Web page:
I started by cutting a 2 sheets of white paper to the size of my book spread (two pages facing each other). I then sketched out my house on one sheet. Next, I began layering Prisma colored pencils. When I use colored pencils I typically start dark and move light. I get at least three different hues of one color (dark, medium, light at the minimum) to layer together to create more depth. I also like to color in circles to create a softer look. Once I had the house fully filled in, I cut it out. Read more tips on using colored pencils here.

Next, I began adding the background to the second sheet of white paper. I wanted a loose look around the edges, so I spread out the lines as I approached the edge of the paper. I layered many different shades of blue for the sky and green for the ground. Once it was filled in, I cut it out, making sure I cut close around the loose lines at the edge of the paper.

I glued the background to my visual journal first, then centered my house drawing on top. To finish the page, I added the text: “it made me smile everyday when I pulled up… it made my afternoons even brighter” using colored pencil around the edge of the drawing. I exaggerated the letters to help them blend in with the background. I also used the same blues and greens so the text blended with the sky and ground.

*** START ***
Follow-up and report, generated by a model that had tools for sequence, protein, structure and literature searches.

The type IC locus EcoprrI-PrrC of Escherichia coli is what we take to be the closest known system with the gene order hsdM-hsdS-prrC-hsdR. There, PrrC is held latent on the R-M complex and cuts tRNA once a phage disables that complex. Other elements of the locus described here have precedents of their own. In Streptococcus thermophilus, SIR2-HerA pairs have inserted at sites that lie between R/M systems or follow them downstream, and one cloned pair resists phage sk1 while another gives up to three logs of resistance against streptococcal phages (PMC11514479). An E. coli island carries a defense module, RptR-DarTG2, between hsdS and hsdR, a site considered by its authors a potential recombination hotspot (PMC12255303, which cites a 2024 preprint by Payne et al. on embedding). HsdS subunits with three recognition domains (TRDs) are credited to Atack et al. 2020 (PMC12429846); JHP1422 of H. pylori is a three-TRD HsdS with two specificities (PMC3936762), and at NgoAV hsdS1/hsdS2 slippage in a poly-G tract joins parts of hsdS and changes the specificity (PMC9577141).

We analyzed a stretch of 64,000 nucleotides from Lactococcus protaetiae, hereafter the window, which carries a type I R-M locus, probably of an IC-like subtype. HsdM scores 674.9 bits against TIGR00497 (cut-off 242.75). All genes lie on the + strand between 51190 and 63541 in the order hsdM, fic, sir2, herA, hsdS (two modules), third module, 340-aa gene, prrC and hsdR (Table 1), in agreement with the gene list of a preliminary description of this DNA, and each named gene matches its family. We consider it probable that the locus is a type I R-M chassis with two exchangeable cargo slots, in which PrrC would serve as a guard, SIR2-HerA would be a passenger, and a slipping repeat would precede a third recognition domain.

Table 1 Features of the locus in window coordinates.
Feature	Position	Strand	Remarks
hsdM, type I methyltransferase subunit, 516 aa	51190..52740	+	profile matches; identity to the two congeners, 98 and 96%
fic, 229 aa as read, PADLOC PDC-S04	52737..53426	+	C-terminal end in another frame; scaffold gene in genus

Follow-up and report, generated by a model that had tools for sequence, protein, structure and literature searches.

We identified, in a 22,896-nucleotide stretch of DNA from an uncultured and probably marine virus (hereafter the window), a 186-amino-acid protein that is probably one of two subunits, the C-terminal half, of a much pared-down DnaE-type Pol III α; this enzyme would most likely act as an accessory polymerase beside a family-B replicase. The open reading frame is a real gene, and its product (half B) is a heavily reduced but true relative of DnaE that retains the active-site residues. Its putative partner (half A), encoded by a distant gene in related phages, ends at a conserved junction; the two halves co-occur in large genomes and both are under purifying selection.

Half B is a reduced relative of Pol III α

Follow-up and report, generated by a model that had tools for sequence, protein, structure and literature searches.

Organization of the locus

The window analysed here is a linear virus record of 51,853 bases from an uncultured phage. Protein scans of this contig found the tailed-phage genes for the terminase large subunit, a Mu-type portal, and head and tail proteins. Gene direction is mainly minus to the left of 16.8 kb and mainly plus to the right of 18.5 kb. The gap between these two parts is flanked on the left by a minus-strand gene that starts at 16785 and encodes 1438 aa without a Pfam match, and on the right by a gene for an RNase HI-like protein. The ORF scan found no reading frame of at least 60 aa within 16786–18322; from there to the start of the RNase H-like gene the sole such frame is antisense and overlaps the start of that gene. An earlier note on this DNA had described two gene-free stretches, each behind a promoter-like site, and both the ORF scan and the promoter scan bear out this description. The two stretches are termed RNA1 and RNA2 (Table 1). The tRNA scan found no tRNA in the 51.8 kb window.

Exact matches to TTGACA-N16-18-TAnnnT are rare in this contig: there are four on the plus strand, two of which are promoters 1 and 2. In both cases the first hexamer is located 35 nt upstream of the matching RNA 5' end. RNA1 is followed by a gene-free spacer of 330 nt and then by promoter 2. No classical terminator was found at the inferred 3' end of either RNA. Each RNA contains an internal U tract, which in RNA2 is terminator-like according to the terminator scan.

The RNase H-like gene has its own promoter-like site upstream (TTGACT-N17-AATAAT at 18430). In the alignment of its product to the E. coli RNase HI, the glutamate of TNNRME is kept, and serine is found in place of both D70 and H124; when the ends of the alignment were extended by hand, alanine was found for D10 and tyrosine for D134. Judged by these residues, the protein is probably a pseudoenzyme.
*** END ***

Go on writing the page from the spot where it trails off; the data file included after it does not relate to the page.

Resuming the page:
CHALLENGE

Create a visual journal page using nothing but paper and colored pencils.

Thanks for taking the time to check out my blog! Help spread the word by sharing it with others. Are you interested in teaching visual journals to your students? Check out my visual journal basic lesson here and bundle pack here. Thanks for stopping by!

A visual journal page about decorating the exterior of my house with Christmas lights. Visual journal tips, how tos, and challenges are included plus specifics on colored pencils.

Visual Journal Page 28: The Sound of Trains

Learn the inspiration behind this visual journal page as well as the supplies and steps I took to create it. Learn how to start your own visual journal by reading about mine. This particular post focuses on a memory/sensory tie I experienced with the sound of trains. Read more here.

There is something about the sound of trains.